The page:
Determined and hardworking

Orhan Pamuk has always been a determined person. He takes decisions and works to achieve the related goals. After deciding to become a novelist, he worked for five years to finish his work, "Cevdet Bey ve Oğulları" ("Cevdet Bey and Sons"). The initial title of the book was "Karanlık ve Işık" ("The Darkness and the Light"), with which Pamuk was named co-winner of the Milliyet Press Novel Contest Award in 1979. Despite the win, he couldn't publish his first novel. He rewrote it and changed its title before he won a more significant prize, the Orhan Kemal Novel Prize in 1983.

The "Orhan Kemal" name implies realism in literature, and Orhan Pamuk's first two works, "Cevdet Bey ve Oğulları" and "Sessiz Ev" are realist in style. "Cevdet Bey ve Oğulları" is a detailed history of a merchant family in the sense that "Buddenbrooks" by Thomas Mann is. Pamuk is a realist in the novel but not in the Balzacian sense of realism. "Cevdet Bey ve Oğulları" does not have a sociological plot. The characters are much more important than the setting and the plot. This is true for all Orhan Pamuk's work. Though he endeavored to write a thick family history, he did not do this in the Balzacian or Zolaian manner. He is much closer to Mann in "Cevdet Bey ve Oğulları."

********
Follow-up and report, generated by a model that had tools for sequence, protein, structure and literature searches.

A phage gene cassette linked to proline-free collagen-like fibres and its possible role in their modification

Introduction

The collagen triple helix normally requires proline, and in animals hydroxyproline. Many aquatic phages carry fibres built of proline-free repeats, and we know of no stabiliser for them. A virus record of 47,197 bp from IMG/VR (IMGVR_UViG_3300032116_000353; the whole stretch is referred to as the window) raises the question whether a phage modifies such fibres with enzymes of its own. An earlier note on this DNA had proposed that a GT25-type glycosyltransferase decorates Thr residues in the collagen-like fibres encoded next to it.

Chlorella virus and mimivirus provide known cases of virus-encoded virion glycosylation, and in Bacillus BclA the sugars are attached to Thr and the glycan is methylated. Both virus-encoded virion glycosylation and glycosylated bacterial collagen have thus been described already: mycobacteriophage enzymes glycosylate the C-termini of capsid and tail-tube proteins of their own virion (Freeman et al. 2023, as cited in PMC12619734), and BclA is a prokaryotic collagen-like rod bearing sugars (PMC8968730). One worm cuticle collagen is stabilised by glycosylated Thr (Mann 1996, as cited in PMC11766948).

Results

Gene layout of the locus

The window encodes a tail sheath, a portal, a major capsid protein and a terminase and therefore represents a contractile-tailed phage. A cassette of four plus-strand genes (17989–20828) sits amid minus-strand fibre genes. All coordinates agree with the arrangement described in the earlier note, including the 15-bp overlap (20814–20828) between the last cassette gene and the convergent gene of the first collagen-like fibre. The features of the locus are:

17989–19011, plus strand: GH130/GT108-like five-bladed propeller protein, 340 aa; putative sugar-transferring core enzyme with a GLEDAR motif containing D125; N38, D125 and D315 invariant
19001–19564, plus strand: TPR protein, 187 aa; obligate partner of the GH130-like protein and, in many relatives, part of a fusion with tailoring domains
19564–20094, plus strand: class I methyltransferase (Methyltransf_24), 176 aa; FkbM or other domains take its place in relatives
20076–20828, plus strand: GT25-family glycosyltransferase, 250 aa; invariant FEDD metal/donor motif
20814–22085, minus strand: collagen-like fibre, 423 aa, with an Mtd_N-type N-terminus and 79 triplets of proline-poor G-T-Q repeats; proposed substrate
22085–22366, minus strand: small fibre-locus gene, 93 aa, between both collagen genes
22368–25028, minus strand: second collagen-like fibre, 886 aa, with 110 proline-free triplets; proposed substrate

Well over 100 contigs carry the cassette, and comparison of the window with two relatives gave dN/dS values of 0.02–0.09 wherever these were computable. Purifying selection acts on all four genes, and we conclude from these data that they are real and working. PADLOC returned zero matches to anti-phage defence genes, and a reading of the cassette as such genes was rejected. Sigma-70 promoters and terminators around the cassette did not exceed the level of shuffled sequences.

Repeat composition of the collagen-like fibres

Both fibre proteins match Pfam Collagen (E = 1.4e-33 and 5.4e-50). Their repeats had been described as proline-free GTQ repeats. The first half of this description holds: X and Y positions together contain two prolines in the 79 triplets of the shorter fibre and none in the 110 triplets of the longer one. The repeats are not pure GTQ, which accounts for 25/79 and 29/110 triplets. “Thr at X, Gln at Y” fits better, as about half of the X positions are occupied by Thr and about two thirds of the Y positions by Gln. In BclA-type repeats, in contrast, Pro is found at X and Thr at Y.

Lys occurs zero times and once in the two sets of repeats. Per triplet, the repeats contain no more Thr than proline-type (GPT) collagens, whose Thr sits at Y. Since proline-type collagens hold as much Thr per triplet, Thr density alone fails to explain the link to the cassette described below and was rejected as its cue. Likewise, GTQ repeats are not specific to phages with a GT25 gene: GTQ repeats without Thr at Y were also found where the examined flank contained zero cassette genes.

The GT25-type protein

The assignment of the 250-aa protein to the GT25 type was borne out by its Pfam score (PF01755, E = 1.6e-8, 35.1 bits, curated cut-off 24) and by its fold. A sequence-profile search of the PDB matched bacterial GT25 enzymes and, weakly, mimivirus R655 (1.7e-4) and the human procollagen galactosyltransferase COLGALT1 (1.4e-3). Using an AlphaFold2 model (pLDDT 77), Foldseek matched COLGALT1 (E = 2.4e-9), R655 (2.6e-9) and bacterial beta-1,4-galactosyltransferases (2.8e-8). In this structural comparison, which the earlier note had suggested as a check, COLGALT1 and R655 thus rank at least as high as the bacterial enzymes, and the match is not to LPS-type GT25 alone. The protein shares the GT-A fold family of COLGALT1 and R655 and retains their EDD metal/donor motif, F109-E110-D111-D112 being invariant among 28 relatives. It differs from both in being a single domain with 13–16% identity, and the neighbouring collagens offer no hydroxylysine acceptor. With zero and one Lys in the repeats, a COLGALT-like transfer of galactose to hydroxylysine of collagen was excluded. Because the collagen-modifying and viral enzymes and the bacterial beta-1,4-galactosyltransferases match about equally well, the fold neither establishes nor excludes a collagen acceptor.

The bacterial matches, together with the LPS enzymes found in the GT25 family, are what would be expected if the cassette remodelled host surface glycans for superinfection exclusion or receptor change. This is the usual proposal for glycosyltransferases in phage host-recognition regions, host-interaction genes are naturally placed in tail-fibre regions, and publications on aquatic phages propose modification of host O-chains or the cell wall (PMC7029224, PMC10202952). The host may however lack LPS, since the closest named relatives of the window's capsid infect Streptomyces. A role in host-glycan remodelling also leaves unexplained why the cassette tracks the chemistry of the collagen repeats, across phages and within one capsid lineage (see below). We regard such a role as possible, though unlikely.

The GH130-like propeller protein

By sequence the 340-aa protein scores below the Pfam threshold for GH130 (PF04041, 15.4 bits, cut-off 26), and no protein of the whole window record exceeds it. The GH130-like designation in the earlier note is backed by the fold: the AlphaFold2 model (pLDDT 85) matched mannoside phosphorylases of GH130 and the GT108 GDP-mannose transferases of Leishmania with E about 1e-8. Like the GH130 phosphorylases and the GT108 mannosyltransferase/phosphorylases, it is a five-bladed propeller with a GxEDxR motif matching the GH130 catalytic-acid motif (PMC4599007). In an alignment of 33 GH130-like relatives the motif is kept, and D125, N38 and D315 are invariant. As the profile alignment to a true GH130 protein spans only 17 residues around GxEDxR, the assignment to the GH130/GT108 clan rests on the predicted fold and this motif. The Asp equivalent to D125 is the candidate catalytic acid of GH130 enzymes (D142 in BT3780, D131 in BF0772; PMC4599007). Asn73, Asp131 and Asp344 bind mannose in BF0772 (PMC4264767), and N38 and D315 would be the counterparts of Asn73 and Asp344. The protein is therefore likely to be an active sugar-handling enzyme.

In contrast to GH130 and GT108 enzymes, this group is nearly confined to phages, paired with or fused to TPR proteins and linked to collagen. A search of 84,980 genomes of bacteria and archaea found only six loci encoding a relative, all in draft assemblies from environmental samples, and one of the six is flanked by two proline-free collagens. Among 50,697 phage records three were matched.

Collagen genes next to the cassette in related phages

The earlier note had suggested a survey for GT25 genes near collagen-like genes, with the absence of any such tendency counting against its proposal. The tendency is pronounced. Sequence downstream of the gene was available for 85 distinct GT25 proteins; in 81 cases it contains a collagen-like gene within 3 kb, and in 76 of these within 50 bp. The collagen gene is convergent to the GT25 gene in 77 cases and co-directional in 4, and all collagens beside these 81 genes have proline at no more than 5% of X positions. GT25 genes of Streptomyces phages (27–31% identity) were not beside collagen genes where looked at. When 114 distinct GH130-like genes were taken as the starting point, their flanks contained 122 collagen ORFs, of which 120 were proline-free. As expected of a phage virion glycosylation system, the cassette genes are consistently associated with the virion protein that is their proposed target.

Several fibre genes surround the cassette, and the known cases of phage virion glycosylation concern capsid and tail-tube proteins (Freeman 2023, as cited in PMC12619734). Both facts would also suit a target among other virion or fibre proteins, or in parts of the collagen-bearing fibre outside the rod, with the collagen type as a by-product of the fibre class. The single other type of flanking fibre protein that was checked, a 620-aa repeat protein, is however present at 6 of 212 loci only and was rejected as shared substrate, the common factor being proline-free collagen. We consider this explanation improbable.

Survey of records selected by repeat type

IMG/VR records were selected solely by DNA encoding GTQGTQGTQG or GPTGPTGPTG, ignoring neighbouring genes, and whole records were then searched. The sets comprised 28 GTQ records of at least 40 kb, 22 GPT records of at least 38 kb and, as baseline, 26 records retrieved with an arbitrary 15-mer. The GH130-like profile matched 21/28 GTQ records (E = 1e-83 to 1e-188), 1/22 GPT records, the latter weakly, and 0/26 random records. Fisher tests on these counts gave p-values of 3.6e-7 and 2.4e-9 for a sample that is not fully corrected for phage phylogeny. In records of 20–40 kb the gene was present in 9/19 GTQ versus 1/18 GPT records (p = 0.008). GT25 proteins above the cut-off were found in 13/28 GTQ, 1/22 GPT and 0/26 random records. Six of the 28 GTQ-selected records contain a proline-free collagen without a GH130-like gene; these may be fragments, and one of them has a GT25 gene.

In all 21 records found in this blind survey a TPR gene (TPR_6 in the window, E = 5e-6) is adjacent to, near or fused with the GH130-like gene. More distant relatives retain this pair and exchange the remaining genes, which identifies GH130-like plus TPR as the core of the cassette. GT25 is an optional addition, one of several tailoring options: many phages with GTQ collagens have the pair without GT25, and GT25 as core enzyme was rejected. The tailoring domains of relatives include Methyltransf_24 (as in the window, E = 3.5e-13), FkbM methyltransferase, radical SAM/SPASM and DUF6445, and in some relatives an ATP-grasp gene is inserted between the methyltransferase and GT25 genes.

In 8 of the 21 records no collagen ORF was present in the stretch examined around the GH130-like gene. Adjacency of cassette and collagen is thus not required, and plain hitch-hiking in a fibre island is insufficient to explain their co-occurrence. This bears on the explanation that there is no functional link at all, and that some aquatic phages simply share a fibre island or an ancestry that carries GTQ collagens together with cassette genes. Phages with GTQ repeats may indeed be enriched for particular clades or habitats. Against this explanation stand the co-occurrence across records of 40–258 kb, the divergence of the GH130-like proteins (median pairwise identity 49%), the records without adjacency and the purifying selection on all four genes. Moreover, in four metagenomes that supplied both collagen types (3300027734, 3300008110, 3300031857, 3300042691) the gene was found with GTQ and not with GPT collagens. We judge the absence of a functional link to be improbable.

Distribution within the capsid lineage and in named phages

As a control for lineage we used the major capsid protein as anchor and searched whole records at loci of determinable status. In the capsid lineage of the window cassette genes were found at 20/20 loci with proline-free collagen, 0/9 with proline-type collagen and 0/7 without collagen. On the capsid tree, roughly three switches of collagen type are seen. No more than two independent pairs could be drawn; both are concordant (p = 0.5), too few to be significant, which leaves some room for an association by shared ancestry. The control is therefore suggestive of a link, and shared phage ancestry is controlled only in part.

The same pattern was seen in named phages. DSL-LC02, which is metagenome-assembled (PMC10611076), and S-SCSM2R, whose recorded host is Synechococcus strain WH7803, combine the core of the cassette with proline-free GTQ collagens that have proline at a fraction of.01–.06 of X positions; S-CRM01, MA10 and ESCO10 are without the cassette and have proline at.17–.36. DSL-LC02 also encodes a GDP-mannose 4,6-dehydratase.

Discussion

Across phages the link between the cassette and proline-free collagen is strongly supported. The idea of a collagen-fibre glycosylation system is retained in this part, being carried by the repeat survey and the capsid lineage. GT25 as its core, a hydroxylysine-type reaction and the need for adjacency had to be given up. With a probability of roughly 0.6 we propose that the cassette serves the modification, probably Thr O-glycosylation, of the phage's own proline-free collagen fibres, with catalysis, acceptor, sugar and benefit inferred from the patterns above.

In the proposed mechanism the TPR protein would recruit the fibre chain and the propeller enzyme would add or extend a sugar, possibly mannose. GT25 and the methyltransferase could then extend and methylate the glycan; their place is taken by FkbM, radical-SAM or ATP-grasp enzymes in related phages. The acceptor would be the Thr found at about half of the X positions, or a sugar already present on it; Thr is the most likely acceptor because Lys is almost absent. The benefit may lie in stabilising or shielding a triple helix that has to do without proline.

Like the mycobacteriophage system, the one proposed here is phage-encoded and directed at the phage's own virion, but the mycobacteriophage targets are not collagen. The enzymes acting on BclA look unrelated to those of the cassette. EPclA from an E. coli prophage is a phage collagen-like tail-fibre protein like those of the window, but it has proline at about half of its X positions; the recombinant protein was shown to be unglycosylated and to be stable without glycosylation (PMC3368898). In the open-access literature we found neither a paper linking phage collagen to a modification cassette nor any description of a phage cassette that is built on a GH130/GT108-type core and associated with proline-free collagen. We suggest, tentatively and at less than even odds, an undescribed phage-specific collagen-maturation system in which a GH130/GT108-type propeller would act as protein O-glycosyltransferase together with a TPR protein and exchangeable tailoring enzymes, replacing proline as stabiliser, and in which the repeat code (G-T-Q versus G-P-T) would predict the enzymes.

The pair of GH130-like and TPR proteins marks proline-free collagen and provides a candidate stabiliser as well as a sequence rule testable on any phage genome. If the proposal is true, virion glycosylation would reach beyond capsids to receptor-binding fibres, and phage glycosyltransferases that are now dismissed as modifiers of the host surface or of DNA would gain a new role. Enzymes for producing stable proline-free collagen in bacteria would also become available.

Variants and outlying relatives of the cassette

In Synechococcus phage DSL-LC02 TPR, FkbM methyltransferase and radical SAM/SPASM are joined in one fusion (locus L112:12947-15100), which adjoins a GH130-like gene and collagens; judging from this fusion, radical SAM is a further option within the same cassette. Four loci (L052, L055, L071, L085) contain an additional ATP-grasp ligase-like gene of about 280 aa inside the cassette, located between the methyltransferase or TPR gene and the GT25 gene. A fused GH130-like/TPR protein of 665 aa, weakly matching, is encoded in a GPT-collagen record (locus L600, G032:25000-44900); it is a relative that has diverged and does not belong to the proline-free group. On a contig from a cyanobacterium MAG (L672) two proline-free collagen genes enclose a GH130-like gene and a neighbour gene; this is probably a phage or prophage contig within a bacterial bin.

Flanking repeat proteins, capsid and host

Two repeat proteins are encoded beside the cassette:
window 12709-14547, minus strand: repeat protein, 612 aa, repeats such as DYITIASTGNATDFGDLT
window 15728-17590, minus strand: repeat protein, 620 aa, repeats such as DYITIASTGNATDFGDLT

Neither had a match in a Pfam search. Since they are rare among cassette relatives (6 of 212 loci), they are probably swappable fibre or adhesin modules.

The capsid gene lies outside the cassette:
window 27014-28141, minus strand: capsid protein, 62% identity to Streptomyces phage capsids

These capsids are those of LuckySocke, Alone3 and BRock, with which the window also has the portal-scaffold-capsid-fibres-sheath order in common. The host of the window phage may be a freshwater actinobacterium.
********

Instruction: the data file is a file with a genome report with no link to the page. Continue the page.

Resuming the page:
This personal realism continues and even deepens in "Sessiz Ev." This second novel uses the point of view of William Faulkner's "As I Lay Dying." The writer tells the story from the point of view of another character in every chapter. This also creates a key factor for Pamuk's later works, i.e. relativism.